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Should You Take a Sabbatical? 3 Women Weigh In

https://www.themuse.com/advice/should-you-take-a-sabbatical-3-women-weigh-in

themuse.com

Should You Take a Sabbatical? 3 Women Weigh In
Imagine exploring the Pacific Northwest and finding your way to Kurt Cobain's house. Or taking a Trans Siberian train trip from Moscow to Bangkok. Or how about six months in nature hiking the Appalachian Trail? Sound like something you've always dreamed of? Maybe it's time for a sabbatical.

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The sabbatical

The sabbatical

Traditionally, a sabbatical involves a break from work, granted by your employer, and after taking a mutually agreed-upon amount of time off, you return to your work. 

  • A sabbatical can be used to consciously achieve your goals.
  • A sabbatical might be necessary if you feel drained, unmotivated or exhausted.

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Reasons for a sabbatical

A sabbatical is a chance to readjust, refocus, and get refreshed for the next phase of your life.

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Contemplating a leave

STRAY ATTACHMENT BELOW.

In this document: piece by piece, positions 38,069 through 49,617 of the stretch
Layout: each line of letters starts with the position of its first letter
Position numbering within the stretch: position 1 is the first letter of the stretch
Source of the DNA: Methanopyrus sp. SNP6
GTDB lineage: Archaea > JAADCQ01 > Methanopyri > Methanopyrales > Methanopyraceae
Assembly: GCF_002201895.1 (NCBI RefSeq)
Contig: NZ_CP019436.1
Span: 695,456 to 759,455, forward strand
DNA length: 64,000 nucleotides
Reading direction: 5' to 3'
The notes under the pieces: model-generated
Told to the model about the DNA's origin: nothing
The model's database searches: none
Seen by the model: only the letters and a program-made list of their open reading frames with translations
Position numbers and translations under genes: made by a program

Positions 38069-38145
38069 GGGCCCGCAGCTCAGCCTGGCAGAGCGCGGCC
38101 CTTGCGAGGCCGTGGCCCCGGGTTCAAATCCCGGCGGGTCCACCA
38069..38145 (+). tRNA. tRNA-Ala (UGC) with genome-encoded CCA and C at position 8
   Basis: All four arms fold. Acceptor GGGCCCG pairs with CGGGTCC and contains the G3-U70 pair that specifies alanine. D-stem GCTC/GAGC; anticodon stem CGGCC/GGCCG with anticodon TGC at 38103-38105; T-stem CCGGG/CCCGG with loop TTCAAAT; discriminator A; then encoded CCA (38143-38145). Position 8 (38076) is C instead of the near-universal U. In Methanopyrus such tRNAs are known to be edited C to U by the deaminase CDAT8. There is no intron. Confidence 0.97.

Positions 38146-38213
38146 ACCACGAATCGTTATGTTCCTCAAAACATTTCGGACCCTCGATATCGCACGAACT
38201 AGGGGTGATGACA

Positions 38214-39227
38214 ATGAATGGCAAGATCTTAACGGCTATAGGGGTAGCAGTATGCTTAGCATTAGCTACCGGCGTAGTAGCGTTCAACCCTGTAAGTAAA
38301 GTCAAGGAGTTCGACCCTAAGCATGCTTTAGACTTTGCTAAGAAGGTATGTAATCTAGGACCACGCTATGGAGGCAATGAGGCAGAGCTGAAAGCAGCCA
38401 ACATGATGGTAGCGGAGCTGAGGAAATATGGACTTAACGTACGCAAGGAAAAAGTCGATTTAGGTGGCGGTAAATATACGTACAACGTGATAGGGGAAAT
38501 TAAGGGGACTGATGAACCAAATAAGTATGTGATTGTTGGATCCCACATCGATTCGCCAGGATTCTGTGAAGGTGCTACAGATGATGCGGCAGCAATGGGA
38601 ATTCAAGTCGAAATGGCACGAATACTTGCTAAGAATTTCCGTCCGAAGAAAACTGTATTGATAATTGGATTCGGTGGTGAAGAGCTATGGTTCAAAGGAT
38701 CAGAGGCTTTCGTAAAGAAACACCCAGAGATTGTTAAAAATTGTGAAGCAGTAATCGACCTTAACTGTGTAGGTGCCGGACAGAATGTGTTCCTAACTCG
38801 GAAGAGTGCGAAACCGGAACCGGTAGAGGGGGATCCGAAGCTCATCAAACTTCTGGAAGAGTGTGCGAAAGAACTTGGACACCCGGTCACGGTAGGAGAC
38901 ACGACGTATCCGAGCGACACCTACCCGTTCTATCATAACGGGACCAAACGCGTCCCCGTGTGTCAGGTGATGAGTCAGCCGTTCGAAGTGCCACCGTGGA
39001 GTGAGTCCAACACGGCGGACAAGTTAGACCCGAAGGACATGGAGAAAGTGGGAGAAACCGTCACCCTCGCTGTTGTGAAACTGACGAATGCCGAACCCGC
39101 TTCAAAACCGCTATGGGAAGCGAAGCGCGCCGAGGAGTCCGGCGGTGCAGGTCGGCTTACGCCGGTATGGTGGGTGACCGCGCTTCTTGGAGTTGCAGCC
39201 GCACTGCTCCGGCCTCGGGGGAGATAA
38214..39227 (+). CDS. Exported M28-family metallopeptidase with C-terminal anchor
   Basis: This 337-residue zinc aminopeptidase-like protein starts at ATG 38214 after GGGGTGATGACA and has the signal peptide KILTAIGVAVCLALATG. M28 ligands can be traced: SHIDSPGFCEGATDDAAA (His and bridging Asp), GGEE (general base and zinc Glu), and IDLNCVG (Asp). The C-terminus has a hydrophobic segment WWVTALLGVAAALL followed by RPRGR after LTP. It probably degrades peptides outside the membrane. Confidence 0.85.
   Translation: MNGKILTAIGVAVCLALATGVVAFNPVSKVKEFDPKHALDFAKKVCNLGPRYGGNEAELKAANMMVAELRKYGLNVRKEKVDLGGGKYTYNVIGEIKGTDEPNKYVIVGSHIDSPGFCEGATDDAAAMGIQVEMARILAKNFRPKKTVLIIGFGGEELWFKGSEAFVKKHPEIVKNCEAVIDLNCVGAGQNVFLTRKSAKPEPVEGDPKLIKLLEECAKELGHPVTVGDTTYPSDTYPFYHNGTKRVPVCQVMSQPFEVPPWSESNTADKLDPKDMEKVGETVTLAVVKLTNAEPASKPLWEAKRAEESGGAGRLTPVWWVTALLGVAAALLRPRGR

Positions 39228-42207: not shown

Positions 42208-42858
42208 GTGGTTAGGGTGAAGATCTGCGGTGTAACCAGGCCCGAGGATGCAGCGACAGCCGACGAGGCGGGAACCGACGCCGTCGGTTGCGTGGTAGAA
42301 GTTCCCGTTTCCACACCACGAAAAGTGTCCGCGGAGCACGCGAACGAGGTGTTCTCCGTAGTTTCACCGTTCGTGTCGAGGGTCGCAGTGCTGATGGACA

1. Save as much money as possible in advance. 
  2. Find a support system. Self-doubt or criticism from others could prevent you from taking a sabbatical.

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1. Positive Experiences

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Take the negative, funny things and turn them into positive experiences. And take the positive experiences and live through the memories and build toward new experiences.

2. Committing In Thoughts And Actions

There will be easy, seamless days, but there will also be conflict and struggle. Relationships take work. Value your time with your partner.

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3 steps to transitioning

  • Start with willpower. Willpower in a moment is much more reliable than willpower over long stretches of time (In some cases you just need to force yourself through a moment to get to the other side).
  • Commit to repetition. Even if your mind starts protesting, ignore it and keep going.
  • Benefit from adaptability. The mental and physical challenges will be so diminished, that you'll no longer experienced the transition as pain.

Get good at moving from comfort to discomfort

  1. Identify something important to you that you want to move ahead with.
  2. Identify the transition point to working on it. Examples of transition points are: Pick up the phone and dial (for a conversation); ask a question and then stop talking (for receiving feedback).
  3. Make the decision — set a time and place where you will get started (transition).
  4. Prime your emotional courage. Starting something hard will bring up feelings of discomfort and you will need to be prepared to feel things to move through it without stopping. 
  5. Follow through without questioning
  6. Repeat this every day.